In parliamentary procedure as defined in Robert's Rules of Order, a motion is a formal proposal by a member of a deliberative assembly that the assembly take certain action. Motions can bring new business before the assembly or consist of numerous other proposals to take procedural steps or carry out other actions relating to a pending proposal (such as postponing it to another time) or to the assembly itself (such as taking a recess). In a parliament, it may also be called a parliamentary motion and may include legislative motions[disambiguation needed], budgetary motions, supplementary budgetary motions, and petitionary motions.Contents1 Purpose 2 Process of handling motions 3 Proposing motions3.1 Previous notice4 Classification of motions4.1 Main motion 4.2 Subsidiary motion 4.3 Privileged motion 4.4 Incidental motion 4.5 Motions that bring a question again before the assembly5 Rules on use5.1 Strategic use of motions 5.2 Dilatory tac
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Floor (legislative)
The floor of a legislature or chamber is the place where members sit and make speeches. When a person is speaking there formally, they are said to have the floor. The House of Commons and the House of Lords of the United Kingdom; the U.S. House of Representatives
U.S

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Recognition (parliamentary Procedure)
In parliamentary procedure, recognition, or assignment of the floor, is the exclusive right to be heard at that time by a member of a deliberative assembly
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Agenda (meeting)
An agenda is a list of meeting activities in the order in which they are to be taken up, beginning with the call to order and ending with adjournment. It usually includes one or more specific items of business to be acted upon. It may, but is not required to, include specific times for one or more activities. An agenda may also be called a docket, schedule, or calendar. It may also contain a listing of an order of business.Contents1 Etymology 2 Explanation 3 Order of business3.1 Standard Order of Business 3.2 Optional headings4 Call for the orders of the day 5 See also 6 ReferencesEtymology[edit]Look up agenda in Wiktionary, the free dictionary.Agenda is an abbreviation of agenda sunt or agendum est, gerundive forms in plural and singular respectively of the Latin verb ago, agere, egi, actum "to drive on, set in motion", for example of cattle.[1] The meaning is "(those things/that thing) which must be driven forward"
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Quorum
A quorum is the minimum number of members of a deliberative assembly (a body that uses parliamentary procedure, such as a legislature) necessary to conduct the business of that group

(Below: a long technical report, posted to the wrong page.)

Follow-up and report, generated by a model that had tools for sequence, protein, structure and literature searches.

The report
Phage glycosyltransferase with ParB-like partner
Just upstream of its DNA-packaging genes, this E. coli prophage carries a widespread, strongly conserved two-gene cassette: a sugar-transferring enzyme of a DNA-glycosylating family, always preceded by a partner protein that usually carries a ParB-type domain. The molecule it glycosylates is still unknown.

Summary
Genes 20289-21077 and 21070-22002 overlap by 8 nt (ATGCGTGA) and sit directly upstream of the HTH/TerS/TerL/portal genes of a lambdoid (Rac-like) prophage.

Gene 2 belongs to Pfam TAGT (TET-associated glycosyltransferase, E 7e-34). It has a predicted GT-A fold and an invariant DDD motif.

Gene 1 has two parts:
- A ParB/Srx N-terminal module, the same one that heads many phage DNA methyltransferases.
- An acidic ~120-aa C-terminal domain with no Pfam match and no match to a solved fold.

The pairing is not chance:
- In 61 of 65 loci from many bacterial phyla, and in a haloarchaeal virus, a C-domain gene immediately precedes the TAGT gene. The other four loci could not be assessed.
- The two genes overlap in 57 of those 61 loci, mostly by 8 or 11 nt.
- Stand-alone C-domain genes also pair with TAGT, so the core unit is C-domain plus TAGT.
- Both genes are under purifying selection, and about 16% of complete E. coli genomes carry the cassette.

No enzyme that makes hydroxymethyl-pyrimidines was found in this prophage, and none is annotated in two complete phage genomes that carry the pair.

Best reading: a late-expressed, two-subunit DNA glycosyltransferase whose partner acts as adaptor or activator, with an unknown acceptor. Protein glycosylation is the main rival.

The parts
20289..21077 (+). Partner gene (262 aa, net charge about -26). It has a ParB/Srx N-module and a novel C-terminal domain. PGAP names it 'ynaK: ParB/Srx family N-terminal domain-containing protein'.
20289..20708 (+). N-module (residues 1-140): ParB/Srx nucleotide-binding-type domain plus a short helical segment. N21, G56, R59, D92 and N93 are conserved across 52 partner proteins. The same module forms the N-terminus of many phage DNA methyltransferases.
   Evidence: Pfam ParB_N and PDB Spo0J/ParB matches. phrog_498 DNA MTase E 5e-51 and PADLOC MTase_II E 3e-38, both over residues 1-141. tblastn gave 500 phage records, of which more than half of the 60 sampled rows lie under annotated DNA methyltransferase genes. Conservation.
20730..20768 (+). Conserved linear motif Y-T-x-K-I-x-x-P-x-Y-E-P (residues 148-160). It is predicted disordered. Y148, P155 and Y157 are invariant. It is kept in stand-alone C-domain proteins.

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International Standard Book Number
"ISBN" redirects here. For other uses, see ISBN (other).International Standard Book
Book
NumberA 13-digit ISBN, 978-3-16-148410-0, as represented by an EAN-13 bar codeAcronym ISBNIntroduced 1970; 48 years ago (1970)Managing organisation International ISBN AgencyNo. of digits 13 (formerly 10)Check digit Weighted sumExample 978-3-16-148410-0Website www.isbn-international.orgThe International Standard Book
Book
Number (ISBN) is a unique[a][b] numeric commercial book identifier. Publishers purchase ISBNs from an affiliate of the International ISBN Agency.[1] An ISBN is assigned to each edition and variation (except reprintings) of a book. For example, an e-book, a paperback and a hardcover edition of the same book would each have a different ISBN. The ISBN is 13 digits long if assigned on or after 1 January 2007, and 10 digits long if assigned before 2007
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Stephen A. Miles
Stephen A. Miles
Stephen A. Miles
is an author and consultant to CEOs and corporate boards of directors
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Business
Business
Business
is the activity of making one's living or making money by producing or buying and selling goods or services.[1][2][3][4] Simply put, it is any activity or enterprise entered into for profit. It does not mean it is a company, a corporation, partnership, or have any such formal organization, but it can range from a street peddler to General Motors.[5] The term is also often used colloquially (but not by lawyers or public officials) to refer to a company, but this article will not deal with that sense of the word.Anyone carrying on an activity that earns them a profit is doing business or running a business, and perhaps this is why there is a misconception that business and company is the same thing. A business name structure does not separate the business entity from the owner, which means that the owner of the business is responsible and liable for all debts incurred by the business
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Executive Officer
An executive officer (XO) is generally a person responsible for running an organization, although the exact nature of the role varies depending on the organization